Is taming of the shrew sexist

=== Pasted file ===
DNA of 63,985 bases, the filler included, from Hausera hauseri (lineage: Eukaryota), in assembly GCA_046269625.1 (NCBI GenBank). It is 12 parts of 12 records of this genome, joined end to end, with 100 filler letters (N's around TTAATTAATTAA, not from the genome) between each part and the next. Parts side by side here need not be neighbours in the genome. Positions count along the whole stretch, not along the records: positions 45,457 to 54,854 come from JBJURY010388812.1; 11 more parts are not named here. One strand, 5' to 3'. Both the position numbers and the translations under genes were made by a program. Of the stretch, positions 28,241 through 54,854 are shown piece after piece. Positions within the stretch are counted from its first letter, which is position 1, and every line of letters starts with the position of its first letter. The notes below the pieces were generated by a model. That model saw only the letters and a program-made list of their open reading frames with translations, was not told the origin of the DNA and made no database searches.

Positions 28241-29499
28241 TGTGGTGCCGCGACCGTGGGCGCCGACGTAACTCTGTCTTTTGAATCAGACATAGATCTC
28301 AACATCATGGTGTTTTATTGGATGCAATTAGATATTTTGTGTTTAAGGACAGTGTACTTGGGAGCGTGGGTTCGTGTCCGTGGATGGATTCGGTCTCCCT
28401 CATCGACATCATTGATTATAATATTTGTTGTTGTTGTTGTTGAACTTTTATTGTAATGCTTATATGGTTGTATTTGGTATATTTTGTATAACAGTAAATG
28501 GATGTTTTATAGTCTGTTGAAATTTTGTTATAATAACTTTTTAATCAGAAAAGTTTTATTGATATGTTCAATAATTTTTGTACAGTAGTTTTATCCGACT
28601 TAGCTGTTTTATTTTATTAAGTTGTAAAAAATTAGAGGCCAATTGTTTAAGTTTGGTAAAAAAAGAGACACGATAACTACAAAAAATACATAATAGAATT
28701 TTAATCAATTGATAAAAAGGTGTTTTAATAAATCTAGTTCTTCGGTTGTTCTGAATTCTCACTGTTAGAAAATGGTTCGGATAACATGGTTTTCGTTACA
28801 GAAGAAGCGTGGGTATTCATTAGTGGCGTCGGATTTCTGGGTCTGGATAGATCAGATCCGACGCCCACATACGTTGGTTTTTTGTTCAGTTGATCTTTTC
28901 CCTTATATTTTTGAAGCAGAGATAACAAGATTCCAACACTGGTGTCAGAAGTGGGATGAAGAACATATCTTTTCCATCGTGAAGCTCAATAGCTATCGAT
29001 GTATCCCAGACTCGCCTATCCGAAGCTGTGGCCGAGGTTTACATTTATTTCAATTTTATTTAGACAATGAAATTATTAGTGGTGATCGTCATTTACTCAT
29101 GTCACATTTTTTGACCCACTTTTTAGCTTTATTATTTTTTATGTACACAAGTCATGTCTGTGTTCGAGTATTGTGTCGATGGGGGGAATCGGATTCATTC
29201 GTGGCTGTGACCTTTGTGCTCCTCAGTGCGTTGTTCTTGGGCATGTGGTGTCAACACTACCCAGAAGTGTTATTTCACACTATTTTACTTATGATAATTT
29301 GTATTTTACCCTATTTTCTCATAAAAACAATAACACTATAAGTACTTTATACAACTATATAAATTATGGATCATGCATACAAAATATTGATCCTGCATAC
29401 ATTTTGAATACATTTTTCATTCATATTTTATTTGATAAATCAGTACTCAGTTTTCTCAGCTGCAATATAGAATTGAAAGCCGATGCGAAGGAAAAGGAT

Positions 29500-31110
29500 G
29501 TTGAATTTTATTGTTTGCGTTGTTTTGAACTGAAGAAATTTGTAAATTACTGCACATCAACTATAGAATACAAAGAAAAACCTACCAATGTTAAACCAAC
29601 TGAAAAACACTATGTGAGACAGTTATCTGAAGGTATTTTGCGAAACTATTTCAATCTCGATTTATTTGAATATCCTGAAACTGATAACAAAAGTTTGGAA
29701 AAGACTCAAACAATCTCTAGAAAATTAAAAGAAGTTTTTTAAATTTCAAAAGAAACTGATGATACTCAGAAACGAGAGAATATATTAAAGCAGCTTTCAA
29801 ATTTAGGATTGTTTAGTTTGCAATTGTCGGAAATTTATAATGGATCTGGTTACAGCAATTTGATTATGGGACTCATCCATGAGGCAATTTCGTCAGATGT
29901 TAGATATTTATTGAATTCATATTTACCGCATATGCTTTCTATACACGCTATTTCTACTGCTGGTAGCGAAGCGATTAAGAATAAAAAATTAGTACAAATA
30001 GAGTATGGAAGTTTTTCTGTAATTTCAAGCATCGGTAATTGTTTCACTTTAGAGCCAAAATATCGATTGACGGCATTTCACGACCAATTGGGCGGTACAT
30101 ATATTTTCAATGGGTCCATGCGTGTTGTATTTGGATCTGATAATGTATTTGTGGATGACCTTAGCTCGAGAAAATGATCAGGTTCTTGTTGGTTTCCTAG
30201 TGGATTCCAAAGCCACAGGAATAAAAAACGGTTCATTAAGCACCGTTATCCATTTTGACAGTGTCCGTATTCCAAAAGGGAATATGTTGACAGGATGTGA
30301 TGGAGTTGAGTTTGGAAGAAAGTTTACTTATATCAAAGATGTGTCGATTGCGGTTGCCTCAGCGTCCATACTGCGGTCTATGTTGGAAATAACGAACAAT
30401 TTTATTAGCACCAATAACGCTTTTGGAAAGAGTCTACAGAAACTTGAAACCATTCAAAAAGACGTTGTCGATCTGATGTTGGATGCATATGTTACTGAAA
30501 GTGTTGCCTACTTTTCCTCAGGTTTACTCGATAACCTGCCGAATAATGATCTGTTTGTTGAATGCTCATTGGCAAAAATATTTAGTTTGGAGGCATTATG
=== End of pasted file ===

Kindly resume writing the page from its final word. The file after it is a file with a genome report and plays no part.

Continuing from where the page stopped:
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Vincent Lang Shakespeare/ December 2nd Taming of the Shrew Essay Is Taming of the Shrew Sexist? While reading Taming of the Shrew, written by William Shakespeare, one of the first interpretations of his play may be that it is sexist. The college dictionary definition of the noun “interpretation” is to explain or tell the meaning of, present in understandable terms. I do not interpret this play as being sexist. In the sixteenth century people’s thoughts of sexism were a lot different then peoples today. Shakespeare wrote this play as a comedy. Shakespeare entertained his audience with drama, emotion, comedy, and betrayal. One of the ways he wrote comedies was using crude humor. Which includes sexual humor. He used sexual references and jokes about men and women to entertain his audience and grab their attention in a way that they could hopefully relate. Shakespeare uses humor to not only insult women but men also. In Act four scene six Petruccio cannot tell the difference between the light of a moon and the light of a sun. When walking with Katherine they pass an old man, which he claims to be a young maid. This is just one of several examples found in this play of men being weaker or less intelligent one. For this play to be sexist it would have to only insult men or women not both. In this play Kate is less powerful, less wealthy, less cheerful, less everything than Petruchio. When the conflict with women is stressed but unequal, as it is here, we are sure justified in leveling the charge of sexism. (Linda Bamber, 1984) A woman who clearly feels this play is sexist says this quote. Part of her opinion is based on the fact that Kate is less everything to Petruchio. That Petruchio is “above” her. Is that not how it was then? When
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